School Vouchers In the US and Why They Are Not Effective

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School voucher applications in the US are some of the major approaches that parents and specific learning institutions consider closer to learning in private schools. The US government beneath president Trump now aims at funding traditional vouchers where college students get scholarships from the state to attend private schools (Vevea). Private faculties are expected to adhere to eligibility criteria as set by the country’s legislature to acquire students under voucher programs. Also, students have to comply with the requirements of legislature governing voucher programs thus unique groups of students are targeted along with those from military families, low-income students, students with disabilities, and college students learning in low performing schools.
School Vouchers In the US and Why They Are Not Effective
With the Trump’s pick for Betsy DeVos as the US education secretary, various voucher programs are likely to be witnessed in a major way – DeVos who is a Republican fundraiser has always backed school vouchers in the country. DeVos’ appointment to US Education Department has been received with fierce objections from teachers unions, Senate Democrats and others. On the other hand, Trump administration on DeVos pick has been viewed by the proponents as an opportunity to bring back the vouchers towards improving education and promoting the idea in the US. The issue of school vouchers has raised a lot of concerns following the criticisms from different opponents. Vouchers have never worked in the past and has lots of challenges thus vouchers are not effective and do not work.

Betsy DeVos has always been guided by the mantra of competition, choice and opportunity both in Michigan and nationally. DeVos has backed initiatives that target the expansion of charters in public schools and even limit regulation and oversight of charters across US. In addition, DeVos advocates for voucher programs and tuition tax credits that rely on the public money to pay for students’ private school fees (Hutchinson 9). Surprisingly, DeVos strongly supported vouchers for the private schools in Michigan, an initiative that failed at ballot. Other groups and organizations, she has helped run and support including AFC has also had a similar agenda of pushing free-market choice ideas. The other area of interest from which important education policies might be developed is the Great Lakes Education Project. The group offers support portability and full choice options – children should be allowed to move with their state or federal dollars to schools of their choice without any restriction. Both charter plans and vouchers supported by DeVos deprive the public schools of the necessary funds and promote profit-making at the expense of learning. For instance, about 80 percent of charter schools located in Michigan is for profit. Compared to other regions in the US, Michigan forms the highest percentage of schools that are profit-oriented and register poor performance:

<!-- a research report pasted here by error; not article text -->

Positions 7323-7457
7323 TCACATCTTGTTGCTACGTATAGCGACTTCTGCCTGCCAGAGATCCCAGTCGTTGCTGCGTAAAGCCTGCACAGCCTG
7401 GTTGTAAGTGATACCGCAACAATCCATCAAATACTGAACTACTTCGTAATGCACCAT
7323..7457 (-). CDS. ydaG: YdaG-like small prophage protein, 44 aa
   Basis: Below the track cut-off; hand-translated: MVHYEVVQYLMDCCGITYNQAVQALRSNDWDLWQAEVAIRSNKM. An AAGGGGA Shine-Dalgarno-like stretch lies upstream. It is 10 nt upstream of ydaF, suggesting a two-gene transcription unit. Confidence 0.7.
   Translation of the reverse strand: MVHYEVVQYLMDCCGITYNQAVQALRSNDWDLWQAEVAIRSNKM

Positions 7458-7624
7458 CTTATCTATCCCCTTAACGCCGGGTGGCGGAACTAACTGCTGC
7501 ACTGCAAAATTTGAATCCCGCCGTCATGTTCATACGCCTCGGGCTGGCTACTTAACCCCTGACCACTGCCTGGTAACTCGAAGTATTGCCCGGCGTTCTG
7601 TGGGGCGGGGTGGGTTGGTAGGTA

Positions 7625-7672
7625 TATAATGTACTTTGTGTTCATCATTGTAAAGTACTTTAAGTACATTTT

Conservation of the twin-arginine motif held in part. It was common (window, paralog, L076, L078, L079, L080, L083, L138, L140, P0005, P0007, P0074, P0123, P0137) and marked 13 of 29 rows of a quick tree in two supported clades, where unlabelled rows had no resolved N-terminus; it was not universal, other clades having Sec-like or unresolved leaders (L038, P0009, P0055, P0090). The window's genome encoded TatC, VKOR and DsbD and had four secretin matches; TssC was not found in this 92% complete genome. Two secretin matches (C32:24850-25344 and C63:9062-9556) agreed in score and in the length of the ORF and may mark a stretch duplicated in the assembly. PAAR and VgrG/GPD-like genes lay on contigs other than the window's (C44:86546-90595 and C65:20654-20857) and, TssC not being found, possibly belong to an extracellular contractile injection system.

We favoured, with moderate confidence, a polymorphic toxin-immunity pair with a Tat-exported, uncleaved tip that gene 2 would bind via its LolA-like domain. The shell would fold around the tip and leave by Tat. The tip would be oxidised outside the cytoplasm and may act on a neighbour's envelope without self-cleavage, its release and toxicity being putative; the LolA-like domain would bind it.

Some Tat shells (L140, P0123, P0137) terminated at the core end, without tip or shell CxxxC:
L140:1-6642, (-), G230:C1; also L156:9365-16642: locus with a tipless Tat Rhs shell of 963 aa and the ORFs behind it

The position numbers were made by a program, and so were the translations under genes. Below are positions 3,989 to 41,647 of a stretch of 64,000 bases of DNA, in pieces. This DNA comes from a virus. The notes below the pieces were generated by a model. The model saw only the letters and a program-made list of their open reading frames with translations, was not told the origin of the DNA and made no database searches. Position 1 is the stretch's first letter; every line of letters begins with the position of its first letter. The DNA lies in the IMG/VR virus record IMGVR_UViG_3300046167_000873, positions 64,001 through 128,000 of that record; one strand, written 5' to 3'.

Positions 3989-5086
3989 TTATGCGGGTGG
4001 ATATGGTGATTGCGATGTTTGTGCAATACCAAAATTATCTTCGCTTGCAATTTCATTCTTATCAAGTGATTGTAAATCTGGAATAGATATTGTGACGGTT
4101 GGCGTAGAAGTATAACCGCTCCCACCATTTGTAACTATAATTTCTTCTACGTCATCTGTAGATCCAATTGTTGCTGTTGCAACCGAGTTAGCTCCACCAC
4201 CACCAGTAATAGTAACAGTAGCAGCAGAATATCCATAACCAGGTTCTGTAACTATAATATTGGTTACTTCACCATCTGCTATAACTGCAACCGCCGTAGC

On vouchers, Harris points to the data: A large study his research center conducted shows that students who got vouchers in Louisiana’s statewide program saw their test scores drop 8 to 16 percentile points. Michigan doesn’t have vouchers – despite efforts by DeVos to create them (Westervelt).